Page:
The table below shows the percentage change of Japanese Yen (JPY) against listed major currencies today. Japanese Yen was the weakest against the New Zealand Dollar.

USD   0.00% 0.00% 0.01% 0.06% 0.00% -0.24% 0.01%
EUR 0.00%   0.00% 0.01% 0.06% 0.01% -0.25% 0.01%
GBP 0.00% -0.01%   0.02% 0.06% 0.01% -0.24% 0.02%
CAD -0.02% -0.02% -0.02%   0.04% -0.02% -0.26% 0.00%
AUD -0.06% -0.07% -0.06% -0.05%   -0.06% -0.30% -0.03%
JPY -0.01% -0.01% 0.01% 0.00% 0.03%   -0.23% 0.02%
NZD 0.24% 0.23% 0.23% 0.24% 0.29% 0.24%   0.25%
CHF -0.04% -0.04% -0.04% -0.03% 0.02% -0.03% -0.28%  

The heat map shows percentage changes of major currencies against each other. The base currency is picked from the left column, while the quote currency is picked from the top row. For example, if you pick the Euro from the left column and move along the horizontal line to the Japanese Yen, the percentage change displayed in the box will represent EUR (base)/JPY (quote).

Japanese Yen FAQs

What key factors drive the Japanese Yen?

The Japanese Yen (JPY) is one of the world’s most traded currencies. Its value is broadly determined by the performance of the Japanese economy, but more specifically by the Bank of Japan’s policy, the differential between Japanese and US bond yields, or risk sentiment among traders, among other factors.

How do the decisions of the Bank of Japan impact the Japanese Yen?

One of the Bank of Japan’s mandates is currency control, so its moves are key for the Yen. The BoJ has directly intervened in currency markets sometimes, generally to lower the value of the Yen, although it refrains from doing it often due to political concerns of its main trading partners. The current BoJ ultra-loose monetary policy, based on massive stimulus to the economy, has caused the Yen to depreciate against its main currency peers. This process has exacerbated more recently due to an increasing policy divergence between the Bank of Japan and other main central banks, which have opted to increase interest rates sharply to fight decades-high levels of inflation.

How does the differential between Japanese and US bond yields impact the Japanese Yen?

The BoJ’s stance of sticking to ultra-loose monetary policy has led to a widening policy divergence with other central banks, particularly with the US Federal Reserve. This supports a widening of the differential between the 10-year US and Japanese bonds, which favors the US Dollar against the Japanese Yen.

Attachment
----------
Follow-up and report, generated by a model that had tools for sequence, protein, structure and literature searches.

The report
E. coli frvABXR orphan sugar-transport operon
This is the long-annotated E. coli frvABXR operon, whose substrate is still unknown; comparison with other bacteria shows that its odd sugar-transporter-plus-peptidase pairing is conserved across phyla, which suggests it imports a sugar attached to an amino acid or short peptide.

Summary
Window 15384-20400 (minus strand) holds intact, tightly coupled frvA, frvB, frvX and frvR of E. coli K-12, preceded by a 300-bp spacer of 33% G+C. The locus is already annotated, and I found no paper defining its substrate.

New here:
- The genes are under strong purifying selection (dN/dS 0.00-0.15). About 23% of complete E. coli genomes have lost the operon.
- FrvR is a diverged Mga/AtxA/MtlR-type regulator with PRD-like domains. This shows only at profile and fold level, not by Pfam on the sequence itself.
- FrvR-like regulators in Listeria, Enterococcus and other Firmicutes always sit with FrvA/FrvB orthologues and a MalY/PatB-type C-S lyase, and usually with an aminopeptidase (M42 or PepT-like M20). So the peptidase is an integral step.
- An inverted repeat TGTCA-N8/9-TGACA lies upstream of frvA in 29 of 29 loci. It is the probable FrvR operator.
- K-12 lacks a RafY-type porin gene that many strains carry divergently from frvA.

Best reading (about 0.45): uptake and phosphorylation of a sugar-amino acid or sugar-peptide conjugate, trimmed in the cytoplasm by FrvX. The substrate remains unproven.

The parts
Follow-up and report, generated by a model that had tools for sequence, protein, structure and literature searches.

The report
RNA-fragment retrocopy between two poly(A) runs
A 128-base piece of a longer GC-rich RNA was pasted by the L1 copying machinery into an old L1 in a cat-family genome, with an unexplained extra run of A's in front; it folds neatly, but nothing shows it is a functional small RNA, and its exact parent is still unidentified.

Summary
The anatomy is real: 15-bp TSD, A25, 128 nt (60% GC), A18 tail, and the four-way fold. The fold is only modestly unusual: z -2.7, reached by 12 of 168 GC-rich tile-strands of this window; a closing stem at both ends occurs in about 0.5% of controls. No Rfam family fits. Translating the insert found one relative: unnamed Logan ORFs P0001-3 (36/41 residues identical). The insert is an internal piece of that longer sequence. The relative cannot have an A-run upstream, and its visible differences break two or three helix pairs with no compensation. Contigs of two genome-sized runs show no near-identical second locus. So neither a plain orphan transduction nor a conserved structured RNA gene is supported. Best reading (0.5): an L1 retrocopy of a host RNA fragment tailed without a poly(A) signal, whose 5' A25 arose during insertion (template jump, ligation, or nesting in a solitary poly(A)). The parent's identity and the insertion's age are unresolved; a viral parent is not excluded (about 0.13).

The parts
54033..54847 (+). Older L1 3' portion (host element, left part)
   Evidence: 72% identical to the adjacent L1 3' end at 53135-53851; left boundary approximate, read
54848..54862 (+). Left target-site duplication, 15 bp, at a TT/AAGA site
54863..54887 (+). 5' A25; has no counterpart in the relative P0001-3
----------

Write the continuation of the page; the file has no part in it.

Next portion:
How does broader risk sentiment impact the Japanese Yen?

The Japanese Yen is often seen as a safe-haven investment. This means that in times of market stress, investors are more likely to put their money in the Japanese currency due to its supposed reliability and stability. Turbulent times are likely to strengthen the Yen’s value against other currencies seen as more risky to invest in.

Information on these pages contains forward-looking statements that involve risks and uncertainties. Markets and instruments profiled on this page are for informational purposes only and should not in any way come across as a recommendation to buy or sell in these assets. You should do your own thorough research before making any investment decisions. FXStreet does not in any way guarantee that this information is free from mistakes, errors, or material misstatements. It also does not guarantee that this information is of a timely nature. Investing in Open Markets involves a great deal of risk, including the loss of all or a portion of your investment, as well as emotional distress. All risks, losses and costs associated with investing, including total loss of principal, are your responsibility. The views and opinions expressed in this article are those of the authors and do not necessarily reflect the official policy or position of FXStreet nor its advertisers. The author will not be held responsible for information that is found at the end of links posted on this page.

If not otherwise explicitly mentioned in the body of the article, at the time of writing, the author has no position in any stock mentioned in this article and no business relationship with any company mentioned. The author has not received compensation for writing this article, other than from FXStreet.

FXStreet and the author do not provide personalized recommendations. The author makes no representations as to the accuracy, completeness, or suitability of this information. FXStreet and the author will not be liable for any errors, omissions or any losses, injuries or damages arising from this information and its display or use. Errors and omissions excepted.

The author and FXStreet are not registered investment advisors and nothing in this article is intended to be investment advice.

Related Articles

Back to top button